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Direct inference and control of genetic population structure from RNA sequencing data.

Published version
Peer-reviewed

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Authors

Karkey, Abhilasha 
Shakya, Mila 
Judd, Louise M 

Abstract

RNAseq data can be used to infer genetic variants, yet its use for estimating genetic population structure remains underexplored. Here, we construct a freely available computational tool (RGStraP) to estimate RNAseq-based genetic principal components (RG-PCs) and assess whether RG-PCs can be used to control for population structure in gene expression analyses. Using whole blood samples from understudied Nepalese populations and the Geuvadis study, we show that RG-PCs had comparable results to paired array-based genotypes, with high genotype concordance and high correlations of genetic principal components, capturing subpopulations within the dataset. In differential gene expression analysis, we found that inclusion of RG-PCs as covariates reduced test statistic inflation. Our paper demonstrates that genetic population structure can be directly inferred and controlled for using RNAseq data, thus facilitating improved retrospective and future analyses of transcriptomic data.

Description

Acknowledgements: We acknowledge the contributions of individuals and organizations who have arranged and taken part in the studies as well as the laboratory and field teams at the site, including the STRATAA Study Group and the Nepal Family Development Foundation team. We thank the Sanger sequencing teams. This research was funded in whole, or in part, by the Wellcome Trust [STRATAA, 106158/Z/14/Z and Sanger, 098051]. For the purpose of open access, the author has applied a CC BY public copyright licence to any Author Accepted Manuscript version arising from this submission. This research was also funded by NHMRC [project grant APP1101728] and supported by core funding from the British Heart Foundation (RG/18/13/33946) and the NIHR Cambridge Biomedical Research Centre (BRC-1215-20014; NIHR203312)[*]. The views expressed are those of the author(s) and not necessarily those of the NIHR or the Department of Health and Social Care. M.I. is supported by the Munz Chair of Cardiovascular Prediction and Prevention and the NIHR Cambridge Biomedical Research Centre (BRC-1215-20014; NIHR203312) []. M.I. was also supported by the UK Economic and Social Research 878 Council (ES/T013192/1). M.F. was supported by a Melbourne Research Scholarship from The University of Melbourne jointly funded by the Baker Heart and Diabetes Institute. This work was supported by Health Data Research UK, which is funded by the UK Medical Research Council, Engineering and Physical Sciences Research Council, Economic and Social Research Council, Department of Health and Social Care (England), Chief Scientist Office of the Scottish Government Health and Social Care Directorates, Health and Social Care Research and Development Division (Welsh Government), Public Health Agency (Northern Ireland), British Heart Foundation and Wellcome. This study was also supported by the Victorian Government’s Operational Infrastructure Support (OIS) program. *The views expressed are those of the authors and not necessarily those of the NIHR or the Department of Health and Social Care. The funders had no role in study design, data collection and analysis, decision to publish, or preparation of the manuscript. The views expressed in this manuscript are those of the author(s) and not necessarily those of the NIHR or the Department of Health and Social Care.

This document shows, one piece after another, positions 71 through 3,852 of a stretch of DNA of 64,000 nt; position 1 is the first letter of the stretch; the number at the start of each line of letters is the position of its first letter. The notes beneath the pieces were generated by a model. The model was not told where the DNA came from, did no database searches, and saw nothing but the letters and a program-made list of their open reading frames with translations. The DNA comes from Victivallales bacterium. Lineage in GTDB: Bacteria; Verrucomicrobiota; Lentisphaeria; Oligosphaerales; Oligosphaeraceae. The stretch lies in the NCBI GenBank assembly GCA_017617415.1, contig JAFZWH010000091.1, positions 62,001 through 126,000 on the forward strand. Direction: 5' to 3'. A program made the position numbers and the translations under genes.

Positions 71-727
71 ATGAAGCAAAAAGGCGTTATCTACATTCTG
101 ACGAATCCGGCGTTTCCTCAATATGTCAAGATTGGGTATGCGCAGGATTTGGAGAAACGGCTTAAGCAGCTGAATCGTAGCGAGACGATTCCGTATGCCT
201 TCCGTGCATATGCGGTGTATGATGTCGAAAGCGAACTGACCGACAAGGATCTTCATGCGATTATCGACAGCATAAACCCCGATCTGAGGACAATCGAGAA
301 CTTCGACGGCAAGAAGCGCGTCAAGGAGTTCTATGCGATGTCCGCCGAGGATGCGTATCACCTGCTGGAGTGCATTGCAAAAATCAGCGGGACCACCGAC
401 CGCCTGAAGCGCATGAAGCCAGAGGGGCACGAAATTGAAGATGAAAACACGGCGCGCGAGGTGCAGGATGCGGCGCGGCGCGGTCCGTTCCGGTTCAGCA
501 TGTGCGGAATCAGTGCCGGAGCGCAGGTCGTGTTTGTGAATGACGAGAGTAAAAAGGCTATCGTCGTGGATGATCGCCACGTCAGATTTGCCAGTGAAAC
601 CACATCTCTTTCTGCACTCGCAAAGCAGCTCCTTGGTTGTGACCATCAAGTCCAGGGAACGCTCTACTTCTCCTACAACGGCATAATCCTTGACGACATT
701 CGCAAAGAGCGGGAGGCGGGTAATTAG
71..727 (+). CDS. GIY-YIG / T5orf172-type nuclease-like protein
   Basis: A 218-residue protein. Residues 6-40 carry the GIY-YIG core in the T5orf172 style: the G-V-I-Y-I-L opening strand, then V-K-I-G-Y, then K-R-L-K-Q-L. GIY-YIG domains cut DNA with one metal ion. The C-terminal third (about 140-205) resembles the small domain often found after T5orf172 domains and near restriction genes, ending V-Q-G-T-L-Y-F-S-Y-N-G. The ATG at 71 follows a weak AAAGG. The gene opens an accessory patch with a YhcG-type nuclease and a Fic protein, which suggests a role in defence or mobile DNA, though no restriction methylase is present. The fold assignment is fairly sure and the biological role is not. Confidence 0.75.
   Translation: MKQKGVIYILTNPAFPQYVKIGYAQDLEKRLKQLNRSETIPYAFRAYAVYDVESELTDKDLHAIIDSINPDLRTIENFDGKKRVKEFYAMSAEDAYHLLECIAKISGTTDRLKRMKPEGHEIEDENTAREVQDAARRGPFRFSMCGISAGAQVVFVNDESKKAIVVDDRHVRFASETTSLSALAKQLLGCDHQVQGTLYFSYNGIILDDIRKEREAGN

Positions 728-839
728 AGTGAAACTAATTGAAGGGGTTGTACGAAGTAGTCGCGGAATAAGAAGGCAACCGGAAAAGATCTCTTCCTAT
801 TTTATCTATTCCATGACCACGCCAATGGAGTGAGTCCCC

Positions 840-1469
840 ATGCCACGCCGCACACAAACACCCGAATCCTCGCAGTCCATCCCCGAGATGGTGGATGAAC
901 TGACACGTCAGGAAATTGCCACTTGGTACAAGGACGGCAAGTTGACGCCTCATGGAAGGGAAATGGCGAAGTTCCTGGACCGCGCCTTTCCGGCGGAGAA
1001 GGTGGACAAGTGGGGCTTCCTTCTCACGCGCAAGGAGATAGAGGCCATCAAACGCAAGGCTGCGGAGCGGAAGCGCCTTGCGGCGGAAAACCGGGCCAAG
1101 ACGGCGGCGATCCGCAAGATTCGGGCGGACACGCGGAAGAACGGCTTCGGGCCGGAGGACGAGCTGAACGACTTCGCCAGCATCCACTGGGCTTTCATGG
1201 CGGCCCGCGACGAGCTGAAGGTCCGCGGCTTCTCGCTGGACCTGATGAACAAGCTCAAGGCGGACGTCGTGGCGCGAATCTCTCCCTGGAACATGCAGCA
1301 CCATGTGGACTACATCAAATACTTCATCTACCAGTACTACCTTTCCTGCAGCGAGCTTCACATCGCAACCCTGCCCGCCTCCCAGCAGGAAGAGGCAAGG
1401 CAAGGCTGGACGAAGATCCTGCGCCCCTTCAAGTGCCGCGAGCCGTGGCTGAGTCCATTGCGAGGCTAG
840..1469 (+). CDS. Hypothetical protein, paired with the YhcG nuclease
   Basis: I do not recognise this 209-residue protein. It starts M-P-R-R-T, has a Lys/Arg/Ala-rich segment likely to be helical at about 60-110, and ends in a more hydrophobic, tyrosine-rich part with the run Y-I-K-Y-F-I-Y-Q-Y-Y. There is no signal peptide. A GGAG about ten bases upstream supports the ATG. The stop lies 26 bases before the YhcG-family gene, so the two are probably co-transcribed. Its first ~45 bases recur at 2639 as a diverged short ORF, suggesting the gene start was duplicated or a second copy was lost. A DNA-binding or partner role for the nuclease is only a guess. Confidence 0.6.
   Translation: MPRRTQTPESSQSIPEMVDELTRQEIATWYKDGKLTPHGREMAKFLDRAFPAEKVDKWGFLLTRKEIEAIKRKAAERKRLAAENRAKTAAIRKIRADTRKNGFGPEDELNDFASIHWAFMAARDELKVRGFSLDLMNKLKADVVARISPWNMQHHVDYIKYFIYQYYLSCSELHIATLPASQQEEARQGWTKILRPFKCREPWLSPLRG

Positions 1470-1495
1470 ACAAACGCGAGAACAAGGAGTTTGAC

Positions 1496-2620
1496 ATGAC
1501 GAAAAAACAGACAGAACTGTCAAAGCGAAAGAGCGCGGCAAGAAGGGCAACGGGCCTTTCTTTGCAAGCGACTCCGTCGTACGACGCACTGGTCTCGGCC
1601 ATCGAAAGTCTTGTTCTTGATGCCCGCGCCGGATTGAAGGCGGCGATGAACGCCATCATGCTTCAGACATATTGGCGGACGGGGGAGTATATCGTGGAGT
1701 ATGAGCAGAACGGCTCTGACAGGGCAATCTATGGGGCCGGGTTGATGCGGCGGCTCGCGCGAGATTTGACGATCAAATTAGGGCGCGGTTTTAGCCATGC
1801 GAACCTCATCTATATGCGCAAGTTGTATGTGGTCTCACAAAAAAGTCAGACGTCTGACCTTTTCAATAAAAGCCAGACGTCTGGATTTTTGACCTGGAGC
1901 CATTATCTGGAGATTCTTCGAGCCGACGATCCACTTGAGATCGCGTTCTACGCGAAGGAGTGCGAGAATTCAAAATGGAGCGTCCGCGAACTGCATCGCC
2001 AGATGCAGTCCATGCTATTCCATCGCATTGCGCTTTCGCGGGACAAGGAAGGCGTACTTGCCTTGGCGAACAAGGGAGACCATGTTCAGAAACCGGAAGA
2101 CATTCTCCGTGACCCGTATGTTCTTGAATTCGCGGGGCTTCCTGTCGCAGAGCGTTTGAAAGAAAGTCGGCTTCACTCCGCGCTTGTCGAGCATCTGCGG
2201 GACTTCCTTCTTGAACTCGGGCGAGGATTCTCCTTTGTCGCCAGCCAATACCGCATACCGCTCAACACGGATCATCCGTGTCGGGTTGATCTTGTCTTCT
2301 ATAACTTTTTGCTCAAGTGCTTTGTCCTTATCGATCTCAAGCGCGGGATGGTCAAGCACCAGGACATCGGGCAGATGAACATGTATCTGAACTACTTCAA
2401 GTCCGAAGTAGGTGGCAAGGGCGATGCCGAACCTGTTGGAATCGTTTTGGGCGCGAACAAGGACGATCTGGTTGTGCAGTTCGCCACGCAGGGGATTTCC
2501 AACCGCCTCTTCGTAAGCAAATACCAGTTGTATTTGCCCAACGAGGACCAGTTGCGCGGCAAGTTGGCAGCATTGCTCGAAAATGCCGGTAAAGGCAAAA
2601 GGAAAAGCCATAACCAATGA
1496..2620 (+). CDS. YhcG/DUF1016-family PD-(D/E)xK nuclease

Funder: Scottish Government Health and Social Care Directorate (SGHSC); doi: https://doi.org/10.13039/100011529


Funder: State Government of Victoria (Victorian Government); doi: https://doi.org/10.13039/501100004752

Keywords

Humans, Retrospective Studies, Genetics, Population, Genotype, Base Sequence, Sequence Analysis, RNA

Journal Title

Commun Biol

Conference Name

Journal ISSN

2399-3642
2399-3642

Volume Title

6

Publisher

Springer Science and Business Media LLC
Sponsorship
British Heart Foundation (RG/18/13/33946)
Wellcome Trust (106158/Z/14/Z)
ESRC (ES/T013192/1)
National Institute for Health and Care Research (IS-BRC-1215-20014)